Graphic Women: Comics, Autobiography, and Mapping Memory
April 14-April 15, 2011
Lynda Barry and Alison Bechdel have created two of the most significant autobiographies of the 21st-century—in comics form. Graphic Women will focus on how two of the most important living cartoonists have presented aspects of their lives in both words and images, for comics autobiographies have changed the field of contemporary narrative. How are lives mapped out in words and images? How does drawing, in addition to writing, capture...
Lynda Barry and Alison Bechdel have created two of the most significant autobiographies of the 21st-century—in comics form. Graphic Women will focus on how two of the most important living cartoonists have presented aspects of their lives in both words and images, for comics autobiographies have changed the field of contemporary narrative. How are lives mapped out in words and images? How does drawing, in addition to writing, capture memory? How do images express the past? Bechdel has said, “I always felt like there was something inherently autobiographical about cartooning,” while Barry has remarked, “I always think of images as lowering the drawbridge where stuff can cross over—memory.” What does this innovative form of comics bring to the presentation of private and public histories?
Graphic Women: Life Narrative and Contemporary Comics
A lecture by Hillary Chute, Neubauer Family Assistant Professor of English, University of Chicago on comics and memoir including analysis of Lynda Barry’s and Alison Bechdel’s work.
Mapping Memory: Readings by Lynda Barry and Alison Bechdel
Readings by Lynda Barry and Alison Bechdel, followed by conversation moderated by Hillary Chute.
Lynda has worked as a painter, cartoonist, writer, illustrator, playwright, editor, commentator and teacher and found they are very much alike. She is the inimitable creator behind Ernie Pook's Comeek, featuring the incomparable Marlys and Freddy, as well as the books One! Hundred! Demons!, The! Greatest! of! Marlys!, Cruddy: An Illustrated Novel, Naked Ladies! Naked Ladies! Naked Ladies!, The Good Times are Killing Me, which was adapted as an off-Broadway musical and won the Washington State Governor's Award. Her bestselling and acclaimed book, What It Is, won the Eisner Award for Best Reality Based Graphic Novel and R.R. Donnelly Award for highest literary achievement by a Wisconsin author. Its sequel, Picture This: The Near-Sighted Monkey Book was published last fall.
Since its inception in 1983, Alison Bechdel’s comic strip Dykes To Watch Out For has become a countercultural institution. The strip is syndicated in dozens of newspapers, translated into several languages and collected in a series of award-winning books. Comics Journal says, “Bechdel’s art distills the pleasures of Friends and The Nation; we recognize our world in it, with its sorrows and ironies.” In 2006, Houghton Mifflin published her graphic memoir, Fun Home: A Family Tragicomic. The bestselling coming-of-age tale has been called a “mesmerizing feat of familial resurrection” and a “rare, prime example of why graphic novels have taken over the conversation about American literature.” Time magazine named Fun Home number one of its "10 Best Books of the Year." Fun Home was a finalist for the 2006 National Book Critics Circle Award in the memoir/autobiography category. It also won the 2007 Eisner Award for Best Reality-Based Work.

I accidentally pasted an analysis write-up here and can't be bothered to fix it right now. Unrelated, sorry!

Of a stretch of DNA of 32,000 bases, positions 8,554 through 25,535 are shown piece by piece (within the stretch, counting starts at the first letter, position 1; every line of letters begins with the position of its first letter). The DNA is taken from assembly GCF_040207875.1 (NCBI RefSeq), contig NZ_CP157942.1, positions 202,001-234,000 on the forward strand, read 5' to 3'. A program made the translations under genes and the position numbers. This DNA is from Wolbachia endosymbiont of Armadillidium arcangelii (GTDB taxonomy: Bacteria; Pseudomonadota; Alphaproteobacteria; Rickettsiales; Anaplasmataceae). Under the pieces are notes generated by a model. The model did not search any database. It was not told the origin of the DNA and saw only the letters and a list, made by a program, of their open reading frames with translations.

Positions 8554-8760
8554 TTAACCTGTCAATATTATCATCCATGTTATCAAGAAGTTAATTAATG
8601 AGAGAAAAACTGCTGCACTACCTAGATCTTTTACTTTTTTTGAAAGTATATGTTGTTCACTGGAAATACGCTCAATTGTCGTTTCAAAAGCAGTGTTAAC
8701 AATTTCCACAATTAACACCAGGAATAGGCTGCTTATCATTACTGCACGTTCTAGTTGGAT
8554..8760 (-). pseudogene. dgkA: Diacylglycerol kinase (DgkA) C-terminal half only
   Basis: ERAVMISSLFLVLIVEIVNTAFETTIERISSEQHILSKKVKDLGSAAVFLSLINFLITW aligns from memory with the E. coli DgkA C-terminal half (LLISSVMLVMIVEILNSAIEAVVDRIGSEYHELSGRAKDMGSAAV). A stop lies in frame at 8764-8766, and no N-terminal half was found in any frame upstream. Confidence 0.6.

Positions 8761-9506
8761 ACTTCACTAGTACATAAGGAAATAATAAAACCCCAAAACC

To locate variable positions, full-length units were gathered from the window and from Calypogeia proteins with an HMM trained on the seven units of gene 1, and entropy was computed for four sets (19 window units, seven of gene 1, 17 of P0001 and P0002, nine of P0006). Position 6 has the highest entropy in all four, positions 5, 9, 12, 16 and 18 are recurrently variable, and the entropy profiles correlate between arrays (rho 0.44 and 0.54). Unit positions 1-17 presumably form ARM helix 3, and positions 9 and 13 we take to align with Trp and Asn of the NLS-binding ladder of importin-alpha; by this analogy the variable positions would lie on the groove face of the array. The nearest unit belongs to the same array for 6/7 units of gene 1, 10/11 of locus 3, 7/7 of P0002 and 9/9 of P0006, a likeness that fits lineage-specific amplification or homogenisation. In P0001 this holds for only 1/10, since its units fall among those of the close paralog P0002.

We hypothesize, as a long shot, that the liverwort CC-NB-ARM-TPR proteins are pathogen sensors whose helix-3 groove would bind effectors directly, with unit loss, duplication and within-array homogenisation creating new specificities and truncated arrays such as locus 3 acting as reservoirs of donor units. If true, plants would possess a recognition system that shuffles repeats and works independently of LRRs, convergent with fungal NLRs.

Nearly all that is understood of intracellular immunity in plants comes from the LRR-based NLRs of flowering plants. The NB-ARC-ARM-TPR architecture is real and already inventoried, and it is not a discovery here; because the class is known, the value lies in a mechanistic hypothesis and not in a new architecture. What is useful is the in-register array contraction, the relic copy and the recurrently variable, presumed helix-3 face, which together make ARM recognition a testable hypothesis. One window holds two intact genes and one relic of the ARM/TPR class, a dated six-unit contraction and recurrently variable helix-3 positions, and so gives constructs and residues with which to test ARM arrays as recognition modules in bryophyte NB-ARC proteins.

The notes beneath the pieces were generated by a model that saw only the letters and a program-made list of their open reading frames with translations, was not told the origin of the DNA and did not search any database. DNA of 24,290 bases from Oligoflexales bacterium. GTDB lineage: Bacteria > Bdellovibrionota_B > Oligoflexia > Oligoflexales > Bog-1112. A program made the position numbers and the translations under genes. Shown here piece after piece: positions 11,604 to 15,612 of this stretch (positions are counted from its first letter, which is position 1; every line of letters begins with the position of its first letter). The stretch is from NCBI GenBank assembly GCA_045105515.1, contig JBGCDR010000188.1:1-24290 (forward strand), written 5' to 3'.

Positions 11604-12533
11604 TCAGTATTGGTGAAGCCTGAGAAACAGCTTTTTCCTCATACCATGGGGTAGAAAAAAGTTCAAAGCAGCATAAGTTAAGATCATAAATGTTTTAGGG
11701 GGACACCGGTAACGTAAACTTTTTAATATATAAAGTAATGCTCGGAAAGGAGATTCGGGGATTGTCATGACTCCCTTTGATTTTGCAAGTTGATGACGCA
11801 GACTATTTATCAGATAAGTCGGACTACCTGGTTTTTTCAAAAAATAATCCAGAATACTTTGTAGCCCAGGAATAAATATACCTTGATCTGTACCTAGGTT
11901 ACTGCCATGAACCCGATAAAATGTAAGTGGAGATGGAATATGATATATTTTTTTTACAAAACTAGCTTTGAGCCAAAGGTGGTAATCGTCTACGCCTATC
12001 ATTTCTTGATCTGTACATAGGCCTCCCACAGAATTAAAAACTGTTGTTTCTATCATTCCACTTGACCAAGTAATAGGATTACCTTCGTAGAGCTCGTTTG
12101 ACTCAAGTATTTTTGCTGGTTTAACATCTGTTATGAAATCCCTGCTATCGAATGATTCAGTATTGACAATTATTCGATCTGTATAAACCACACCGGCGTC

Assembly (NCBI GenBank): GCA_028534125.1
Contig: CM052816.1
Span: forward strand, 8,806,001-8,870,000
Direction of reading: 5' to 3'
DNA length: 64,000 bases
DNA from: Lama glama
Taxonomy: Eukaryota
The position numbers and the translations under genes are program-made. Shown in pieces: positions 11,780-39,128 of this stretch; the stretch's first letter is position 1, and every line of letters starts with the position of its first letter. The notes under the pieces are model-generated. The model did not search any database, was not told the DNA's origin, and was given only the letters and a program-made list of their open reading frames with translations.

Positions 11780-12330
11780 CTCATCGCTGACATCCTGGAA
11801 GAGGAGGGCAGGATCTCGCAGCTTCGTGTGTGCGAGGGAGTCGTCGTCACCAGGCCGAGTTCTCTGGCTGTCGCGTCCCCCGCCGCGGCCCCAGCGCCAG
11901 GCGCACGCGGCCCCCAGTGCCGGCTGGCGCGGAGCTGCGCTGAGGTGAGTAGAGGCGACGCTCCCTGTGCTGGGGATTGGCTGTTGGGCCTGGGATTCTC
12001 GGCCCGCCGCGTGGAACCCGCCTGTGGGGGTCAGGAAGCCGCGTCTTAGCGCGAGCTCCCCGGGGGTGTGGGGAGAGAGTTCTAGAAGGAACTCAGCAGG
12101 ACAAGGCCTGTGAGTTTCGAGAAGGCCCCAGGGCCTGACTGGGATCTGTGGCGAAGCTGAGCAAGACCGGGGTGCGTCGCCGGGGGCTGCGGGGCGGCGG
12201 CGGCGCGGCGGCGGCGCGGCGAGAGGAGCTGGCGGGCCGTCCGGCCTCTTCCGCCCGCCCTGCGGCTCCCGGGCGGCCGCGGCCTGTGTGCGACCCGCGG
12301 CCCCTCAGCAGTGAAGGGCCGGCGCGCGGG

Hillary Chute is the Neubaeuer Family Assistant Professor of English at the University of Chicago and at the forefront of scholarship on graphic narrative and its relationship to more traditionally text-based literature. She is particularly interested in the connections between word and image, fiction and nonfiction that can be found in contemporary comics, a field with roots in the 1970s but also connected to deeper histories of drawn reportage and visual witnessing. Her book Graphic Women: Life Narrative and Contemporary Comics examines the graphic narrative work of five authors, including Alison Bechdel and Marjane Satrapi, arguing that the medium of comics has opened up new spaces for nonfiction narrative—particularly for expressing certain kinds of stories typically relegated to the realm of the private. Chute is associate editor of Art Spiegelman's MetaMaus and has written about comics and culture for venues including The Village Voice and the Believer.